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Nobel Peace Prize laureate Wangari Maathai’s memory was honoured at an event on the sidelines of the 17th Convention of the Parties of the UN Framework Convention on Climate Change (COP17) climate change talks in Durban on Wednesday.
UN Secretary-General Ban Ki-moon joined famed environmentalist Jane Goodall in paying tribute to Maathai and her work in conservation and fighting deforestation in Africa.
There was also a special message from former US president Bill Clinton.
Jeff Horowitz, of organisers Avoided Deforestation Partners, said Maathai’s untimely death in September was a tragic loss to the world.
He said she was meant to speak at the event in Durban, but now her legacy through the Green Belt Movement would see her dream of planting a billion trees worldwide being fulfilled.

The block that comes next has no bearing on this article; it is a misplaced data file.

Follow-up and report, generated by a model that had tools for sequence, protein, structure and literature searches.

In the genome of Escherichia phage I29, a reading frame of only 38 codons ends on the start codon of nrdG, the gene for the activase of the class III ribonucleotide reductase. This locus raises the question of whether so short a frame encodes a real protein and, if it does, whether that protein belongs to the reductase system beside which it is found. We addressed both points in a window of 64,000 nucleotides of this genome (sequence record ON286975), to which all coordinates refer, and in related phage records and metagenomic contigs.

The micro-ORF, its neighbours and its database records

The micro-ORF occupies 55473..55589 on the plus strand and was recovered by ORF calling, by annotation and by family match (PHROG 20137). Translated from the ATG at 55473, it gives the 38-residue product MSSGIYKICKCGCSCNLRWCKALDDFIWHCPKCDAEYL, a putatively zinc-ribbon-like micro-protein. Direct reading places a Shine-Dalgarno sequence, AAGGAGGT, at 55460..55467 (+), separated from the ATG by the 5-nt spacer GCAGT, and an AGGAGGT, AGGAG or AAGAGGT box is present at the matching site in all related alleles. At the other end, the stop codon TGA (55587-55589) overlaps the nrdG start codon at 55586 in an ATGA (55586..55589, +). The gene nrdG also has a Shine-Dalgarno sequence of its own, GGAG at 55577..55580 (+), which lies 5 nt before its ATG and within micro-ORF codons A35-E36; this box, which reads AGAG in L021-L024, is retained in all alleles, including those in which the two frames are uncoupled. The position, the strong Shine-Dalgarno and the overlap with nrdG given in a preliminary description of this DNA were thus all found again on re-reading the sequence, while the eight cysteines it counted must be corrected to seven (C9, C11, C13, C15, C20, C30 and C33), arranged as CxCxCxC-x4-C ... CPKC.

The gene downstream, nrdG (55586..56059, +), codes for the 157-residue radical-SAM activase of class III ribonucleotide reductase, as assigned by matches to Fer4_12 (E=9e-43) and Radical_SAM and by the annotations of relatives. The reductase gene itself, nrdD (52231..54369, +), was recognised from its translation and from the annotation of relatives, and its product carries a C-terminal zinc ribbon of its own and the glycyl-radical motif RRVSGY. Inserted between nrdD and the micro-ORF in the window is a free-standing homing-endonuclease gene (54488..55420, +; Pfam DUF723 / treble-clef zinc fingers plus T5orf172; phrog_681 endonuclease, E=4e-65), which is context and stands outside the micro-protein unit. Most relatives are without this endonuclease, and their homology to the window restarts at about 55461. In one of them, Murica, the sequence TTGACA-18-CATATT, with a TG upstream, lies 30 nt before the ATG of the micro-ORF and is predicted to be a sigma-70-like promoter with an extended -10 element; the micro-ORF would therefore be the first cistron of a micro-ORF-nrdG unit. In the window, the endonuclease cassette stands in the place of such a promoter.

Kenyan-born Maathai became the first African woman and environmentalist to win the Nobel Peace Prize in 2004.
She was recognised for her struggle for human rights and environmental conservation through the Green Belt Movement, which has seen mainly women plant millions of trees in East Africa.
Ban said the world was already stretched, having now to support 7 billion people.
He said that the Reducing Emissions from Deforestation and Forest Degradation (REDD+) initiative could play an important role in realising Maathai’s vision to save rainforests of the world.
Goodall said the world was facing a climate change crisis. While the world wanted to be “politically correct” on the issue of human population growth, going over the 7 billion mark was a huge challenge that needed to be faced.